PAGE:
Akc-logoAccording to the American Kennel Club (AKC) (http://www.akc.org/public_education/responsible_dog_owner.cfm), the main responsibilities of a good dog owner include keeping the dog safe, healthy, and trained, as well as being committed and a good friend.  In the novel, Denny absolutely adores his dog, Enzo.  At the first sign of any injury or illness, Denny immediately takes Enzo to the vet, proving his loving concern for Enzo’s well-being and safety.  Every time Enzo “does his business” in the house, Denny doesn’t hesitate to clean it up, and even goes out of his way to make a dog flap for him leading to the garden, showing his commitment and love for Enzo.  Finally, Denny, even though he thinks Enzo can’t understand, talks to him as if he were another human, which proves his powerful bond with Enzo as, not only an owner, but also a friend.

In addition, the AKC also states that a responsible dog owner should choose a dog suited to his or her lifestyle in order dog playing catchto  maintain the best relationship possible.  Just as Denny has to remain fit and athletic to maintain his career as a race car driver, Enzo is also very energetic and active.  This is illustrated by the fact that the two often take walks and play fetch together. Furthermore, possibly through his relationship with Denny, Enzo displays a strong interest in [watching] race car driving and watching TV, allowing the pair to bond more closely over common interests.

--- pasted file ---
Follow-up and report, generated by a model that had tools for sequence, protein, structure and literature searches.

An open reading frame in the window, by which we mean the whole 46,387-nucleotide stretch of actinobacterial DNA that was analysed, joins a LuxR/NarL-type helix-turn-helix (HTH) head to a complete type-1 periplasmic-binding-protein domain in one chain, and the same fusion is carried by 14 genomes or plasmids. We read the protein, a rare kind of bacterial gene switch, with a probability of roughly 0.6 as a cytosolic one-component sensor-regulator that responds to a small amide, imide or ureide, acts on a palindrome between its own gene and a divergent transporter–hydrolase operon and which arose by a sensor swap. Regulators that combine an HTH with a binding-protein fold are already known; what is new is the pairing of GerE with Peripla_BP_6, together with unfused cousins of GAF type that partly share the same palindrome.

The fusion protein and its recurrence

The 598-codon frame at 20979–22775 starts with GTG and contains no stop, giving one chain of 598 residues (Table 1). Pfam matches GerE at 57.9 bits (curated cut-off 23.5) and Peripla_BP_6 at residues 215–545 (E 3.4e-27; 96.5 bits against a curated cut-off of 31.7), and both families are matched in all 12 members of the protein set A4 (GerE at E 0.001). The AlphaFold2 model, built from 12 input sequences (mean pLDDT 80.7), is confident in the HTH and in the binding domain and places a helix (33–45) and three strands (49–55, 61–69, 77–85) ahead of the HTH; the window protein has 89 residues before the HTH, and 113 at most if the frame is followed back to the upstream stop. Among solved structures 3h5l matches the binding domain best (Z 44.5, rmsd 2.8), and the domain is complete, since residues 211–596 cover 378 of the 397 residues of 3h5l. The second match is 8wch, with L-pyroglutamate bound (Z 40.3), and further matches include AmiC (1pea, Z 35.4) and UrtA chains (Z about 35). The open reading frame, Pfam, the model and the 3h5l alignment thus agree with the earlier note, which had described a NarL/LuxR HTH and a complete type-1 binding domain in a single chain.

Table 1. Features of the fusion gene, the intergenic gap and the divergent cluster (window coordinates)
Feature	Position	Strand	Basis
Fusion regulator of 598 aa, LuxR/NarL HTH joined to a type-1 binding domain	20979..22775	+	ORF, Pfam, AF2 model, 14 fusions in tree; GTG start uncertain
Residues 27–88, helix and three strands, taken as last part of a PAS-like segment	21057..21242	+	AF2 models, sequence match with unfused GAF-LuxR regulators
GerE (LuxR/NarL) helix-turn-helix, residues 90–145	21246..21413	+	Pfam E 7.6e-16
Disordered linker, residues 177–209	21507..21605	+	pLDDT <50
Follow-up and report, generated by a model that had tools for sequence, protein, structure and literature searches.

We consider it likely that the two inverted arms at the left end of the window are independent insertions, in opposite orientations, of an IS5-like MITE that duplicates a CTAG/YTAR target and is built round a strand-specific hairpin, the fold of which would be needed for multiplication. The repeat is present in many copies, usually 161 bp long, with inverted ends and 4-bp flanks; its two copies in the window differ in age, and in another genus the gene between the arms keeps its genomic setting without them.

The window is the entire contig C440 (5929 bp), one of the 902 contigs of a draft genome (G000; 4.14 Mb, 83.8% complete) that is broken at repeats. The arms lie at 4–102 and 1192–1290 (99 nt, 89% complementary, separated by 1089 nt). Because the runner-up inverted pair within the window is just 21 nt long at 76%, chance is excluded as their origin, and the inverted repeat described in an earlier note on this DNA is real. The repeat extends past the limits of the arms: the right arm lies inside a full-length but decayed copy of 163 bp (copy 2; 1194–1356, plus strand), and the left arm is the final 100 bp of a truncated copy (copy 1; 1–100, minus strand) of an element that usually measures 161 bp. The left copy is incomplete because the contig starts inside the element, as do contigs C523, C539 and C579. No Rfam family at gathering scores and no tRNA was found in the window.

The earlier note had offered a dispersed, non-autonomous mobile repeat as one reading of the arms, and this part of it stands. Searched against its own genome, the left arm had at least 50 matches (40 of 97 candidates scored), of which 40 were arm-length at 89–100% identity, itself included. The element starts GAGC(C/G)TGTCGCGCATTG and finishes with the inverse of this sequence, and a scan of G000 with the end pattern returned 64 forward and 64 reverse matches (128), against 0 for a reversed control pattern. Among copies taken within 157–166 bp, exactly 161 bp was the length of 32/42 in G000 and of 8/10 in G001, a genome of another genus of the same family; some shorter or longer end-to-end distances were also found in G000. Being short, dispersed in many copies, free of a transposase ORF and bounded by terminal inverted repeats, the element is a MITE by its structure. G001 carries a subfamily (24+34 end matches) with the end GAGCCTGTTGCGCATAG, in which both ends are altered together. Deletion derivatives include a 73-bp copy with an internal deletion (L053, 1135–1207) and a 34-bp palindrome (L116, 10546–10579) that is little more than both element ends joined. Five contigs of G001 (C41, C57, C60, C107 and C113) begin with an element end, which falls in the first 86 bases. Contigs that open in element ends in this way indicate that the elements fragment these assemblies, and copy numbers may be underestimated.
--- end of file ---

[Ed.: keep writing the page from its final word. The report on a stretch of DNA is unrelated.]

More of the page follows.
In conclusion, I think that Denny is the very image of a perfect dog owner, proven by his fulfillment of almost every responsibility stated by the AKC.

It’s Destiny…

dog think

One of the interesting aspects of  The Art of Racing in the Rain is that there are multiple themes that are all equally important and thought-provoking.  One of the most important ones is the idea that “which you manifest is before you”, which essentially means that you and you alone have control over your destiny.  This can apply to race car driving, because however you decide to turn at a bend can determine how well you perform in a race, which is one of the many connections Enzo makes.

I personally agree to this theme.  Of course your own actions determine how your life will play out.  If you decide not to do a homework assignment, of course you will fail it and lower your course mark.   If you decide to get a pet dog, of course you will have to take responsibility for it.  It goes without saying.